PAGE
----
The Story of Los Angeles' 1932 Olympics, When Everyone Was Poor
As Los Angeles bids to host the 2024 Summer Olympics, its strongest argument is that the last time it did so, in 1984, the Games were more profitable than they've ever been. The event was staged on the cheap, in part because the city had passed a ballot measure limiting how much it could spend.
But the city also had experience, having hosted the Games already in 1932. That meant most of the venues, like the Los Angeles Memorial Coliseum, were already built.
The ’32 Games, in fact, also were done on a tight budget. That's because they had to be — they were held during the nadir of the Great Depression.
The Olympics were still fairly new when the International Olympic Committee met, in 1923, in Rome, to choose the host for the 1932 Games. And Los Angeles was a hick cow-town few people in the world knew or cared about. A real estate entrepreneur named William May Garland was in charge of the bid. As Paul Zimmerman, who reported on the Games for the Associated Press, would later write in his 1984 book, Los Angeles the Olympic City:
Los Angeles was so little known in the world scheme of things that an IOC delegate, before the vote at Rome, asked if it were near Hollywood. Garland, with a twinkle in his eyes, said Los Angeles was a "suburb of Hollywood." The delegate promised his vote "because I've always wanted to see how movies are made."
In the end, Los Angeles was a shoo-in — it was the only city to bid.
In the intervening years, the Depression hit. By the time the Games were held, nations struggled to afford the cost of sending athletes to the far-flung outpost of California. Only 1,503 athletes from 37 nations showed up, so few that some events, like soccer, had to be canceled.
The ’32 Games saw, for the first time, an Olympic Village built for athletes, in Baldwin Hills. This was out of necessity: The village housed male athletes for $2 a day; they couldn't afford to stay anywhere else. The 177 female athletes stayed at the Chapman Park Hotel on Wilshire Boulevard.
Some of the poorer countries sent their athletes to L.A. with goods to trade, instead of money. A team of 60 Brazilians arrived in the United States with bags of coffee beans to sell. "By the time the red tape could be cut to sell the cargo to pay expenses to Los Angeles, the Brazilians barely arrived in time for the competition," writes Zimmerman.
(This may explain why the Brazilian water polo team, after losing 7-3 to Germany, physically attacked the Hungarian referee. They had to be restrained by police.)
The Cubans weren't as lucky. They were sent over with sugar. But when they docked in Galveston, Texas, they were told sugar prices weren't high enough to cover their travel expenses. They were forced to turn around and go home.
Field hockey was the national sport of India at the time. They had won the gold in 1928, and were widely expected to repeat their victory in 1932, when only two other countries were even competing. But the team had trouble affording the trip. According to David Wallechinsky, writing in The Book of Olympic Lists:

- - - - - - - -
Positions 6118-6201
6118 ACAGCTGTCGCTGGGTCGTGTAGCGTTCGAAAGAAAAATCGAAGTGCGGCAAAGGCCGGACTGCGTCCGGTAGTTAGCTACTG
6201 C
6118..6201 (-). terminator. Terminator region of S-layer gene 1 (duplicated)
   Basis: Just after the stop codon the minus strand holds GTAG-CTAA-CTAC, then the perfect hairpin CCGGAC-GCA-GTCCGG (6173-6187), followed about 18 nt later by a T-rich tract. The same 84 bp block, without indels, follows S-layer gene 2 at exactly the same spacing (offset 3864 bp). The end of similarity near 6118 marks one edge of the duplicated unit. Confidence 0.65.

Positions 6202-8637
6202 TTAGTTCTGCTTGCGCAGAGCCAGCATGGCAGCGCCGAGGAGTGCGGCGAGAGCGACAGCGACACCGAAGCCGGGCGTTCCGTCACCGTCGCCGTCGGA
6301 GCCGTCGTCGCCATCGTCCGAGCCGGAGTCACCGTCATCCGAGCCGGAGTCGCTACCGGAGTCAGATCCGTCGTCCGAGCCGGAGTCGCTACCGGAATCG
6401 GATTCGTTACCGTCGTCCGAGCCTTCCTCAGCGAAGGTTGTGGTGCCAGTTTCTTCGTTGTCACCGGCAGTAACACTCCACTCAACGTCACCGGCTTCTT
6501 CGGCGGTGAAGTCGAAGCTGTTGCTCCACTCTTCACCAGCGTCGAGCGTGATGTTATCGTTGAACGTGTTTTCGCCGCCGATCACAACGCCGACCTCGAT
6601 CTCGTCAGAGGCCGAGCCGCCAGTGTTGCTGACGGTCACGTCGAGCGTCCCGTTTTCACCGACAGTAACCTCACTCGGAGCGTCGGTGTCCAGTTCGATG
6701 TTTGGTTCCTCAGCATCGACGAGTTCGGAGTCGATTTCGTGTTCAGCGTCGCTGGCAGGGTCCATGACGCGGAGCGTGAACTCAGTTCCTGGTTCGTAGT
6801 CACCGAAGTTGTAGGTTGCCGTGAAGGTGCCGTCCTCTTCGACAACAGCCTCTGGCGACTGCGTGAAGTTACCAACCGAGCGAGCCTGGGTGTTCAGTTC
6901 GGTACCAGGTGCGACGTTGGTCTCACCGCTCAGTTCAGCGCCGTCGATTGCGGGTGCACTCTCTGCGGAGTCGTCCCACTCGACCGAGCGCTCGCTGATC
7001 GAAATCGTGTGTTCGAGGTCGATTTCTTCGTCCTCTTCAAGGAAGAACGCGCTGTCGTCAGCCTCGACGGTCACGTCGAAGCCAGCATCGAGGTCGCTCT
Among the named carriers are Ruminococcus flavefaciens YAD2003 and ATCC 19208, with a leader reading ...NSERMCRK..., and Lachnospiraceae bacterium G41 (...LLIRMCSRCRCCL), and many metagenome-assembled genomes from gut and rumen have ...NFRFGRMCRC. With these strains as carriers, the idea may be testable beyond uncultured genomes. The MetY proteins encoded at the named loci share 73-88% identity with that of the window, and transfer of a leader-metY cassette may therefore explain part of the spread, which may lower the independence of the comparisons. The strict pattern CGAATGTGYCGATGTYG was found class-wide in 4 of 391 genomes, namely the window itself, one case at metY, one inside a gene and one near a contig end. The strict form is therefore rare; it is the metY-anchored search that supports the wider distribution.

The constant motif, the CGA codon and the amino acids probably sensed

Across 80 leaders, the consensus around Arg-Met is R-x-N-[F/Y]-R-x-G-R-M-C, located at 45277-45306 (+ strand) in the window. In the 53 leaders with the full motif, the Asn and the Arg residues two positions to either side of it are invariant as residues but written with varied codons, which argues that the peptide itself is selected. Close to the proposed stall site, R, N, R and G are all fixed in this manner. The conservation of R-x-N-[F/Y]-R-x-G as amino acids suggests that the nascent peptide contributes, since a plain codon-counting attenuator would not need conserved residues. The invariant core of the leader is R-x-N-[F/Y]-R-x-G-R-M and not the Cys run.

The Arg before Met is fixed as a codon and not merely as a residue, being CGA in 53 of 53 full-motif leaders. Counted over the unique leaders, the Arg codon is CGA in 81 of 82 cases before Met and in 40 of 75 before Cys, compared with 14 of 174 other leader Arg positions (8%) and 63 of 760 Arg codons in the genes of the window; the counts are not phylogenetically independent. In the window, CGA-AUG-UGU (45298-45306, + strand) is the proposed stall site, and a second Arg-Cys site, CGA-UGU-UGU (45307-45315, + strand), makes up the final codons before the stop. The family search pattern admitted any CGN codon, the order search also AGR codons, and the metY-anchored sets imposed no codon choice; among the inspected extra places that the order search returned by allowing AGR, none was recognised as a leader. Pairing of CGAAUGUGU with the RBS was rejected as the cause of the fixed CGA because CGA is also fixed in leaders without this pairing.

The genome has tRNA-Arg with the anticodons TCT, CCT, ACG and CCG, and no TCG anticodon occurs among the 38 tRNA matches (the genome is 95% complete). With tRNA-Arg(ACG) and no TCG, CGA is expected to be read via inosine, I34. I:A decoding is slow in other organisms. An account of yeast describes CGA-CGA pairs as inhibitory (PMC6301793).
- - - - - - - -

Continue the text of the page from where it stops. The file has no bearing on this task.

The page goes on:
When it came time to raise money to send a team to the Los Angeles Olympics, a journalist representing the Indian Hockey Federation approached Mahatma Gandhi and asked him to issue an appeal to the masses. Gandhi's only reply was, "What's hockey?" Nevertheless, an Indian team did make it to Los Angeles, paying its way by playing exhibition matches in Europe on the way home.
Even some of the locals had a tough time. Here's Wallechinsky again:
Club swinging was included in the gymnastics program the first two times the Olympics was held in the United States. The 1932 winner, George Roth, was unemployed and nearly starving in the midst of the Great Depression. He would go to the Olympic Village each day, collect some food and sneak it home to his wife and baby daughter in East Hollywood. After receiving his gold medal before 60,000 cheering spectators, Roth walked out of the stadium and hitchhiked home.
Despite everyone's overwhelming poverty, the Xth Olympiad was deemed a success. More than 100,000 spectators paid $3 each to attend the two-hour Opening Ceremony at the Coliseum, then known as Olympic Stadium (not in attendance was President Herbert Hoover, who became the first host nation head of state not to attend the Summer Games). According to Zimmerman:
As the 1,500 competitors filed out, the chorus of 2,000 voices sang the recessional "Lord God of Hosts, be with us yet ... Lest we forget ... Lest we forget ..."
The public address announcer asked the crowd to "please wait 10 minutes so the competitors can board their buses and depart." So the throng stayed and joined the band and chorus in singing popular songs with great gusto.
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The United States destroyed its travel-weary competition, winning 103 out of 346 medals. Five-foot-seven Eddie Tolan set Olympic records in the 100-meter and 200-meter sprints, while Mildred "Babe" Didrikson won gold medals in javelin hurling and hurdles, and perhaps would have won the gold in high jump were she not disqualified for what judges deemed was an illegal technique.
But perhaps the real winner was Los Angeles, which renamed 10th Street Olympic Boulevard and got the Coliseum, which is still in use today and will host L.A.'s first NFL game in 22 years next month. Most important, the city didn't lose money. As Zimmerman writes:
Considering the economic climate, even more startling was the fiscal phenomenon. Los Angeles paid off a $1 million bond issue to the State of California and still had a surplus of $206,000. Every Olympics before the Xth Olympiad and every one since it has finished in the red.
That is, until the 1984 Games, which again were hosted by L.A. And again, it made a profit.
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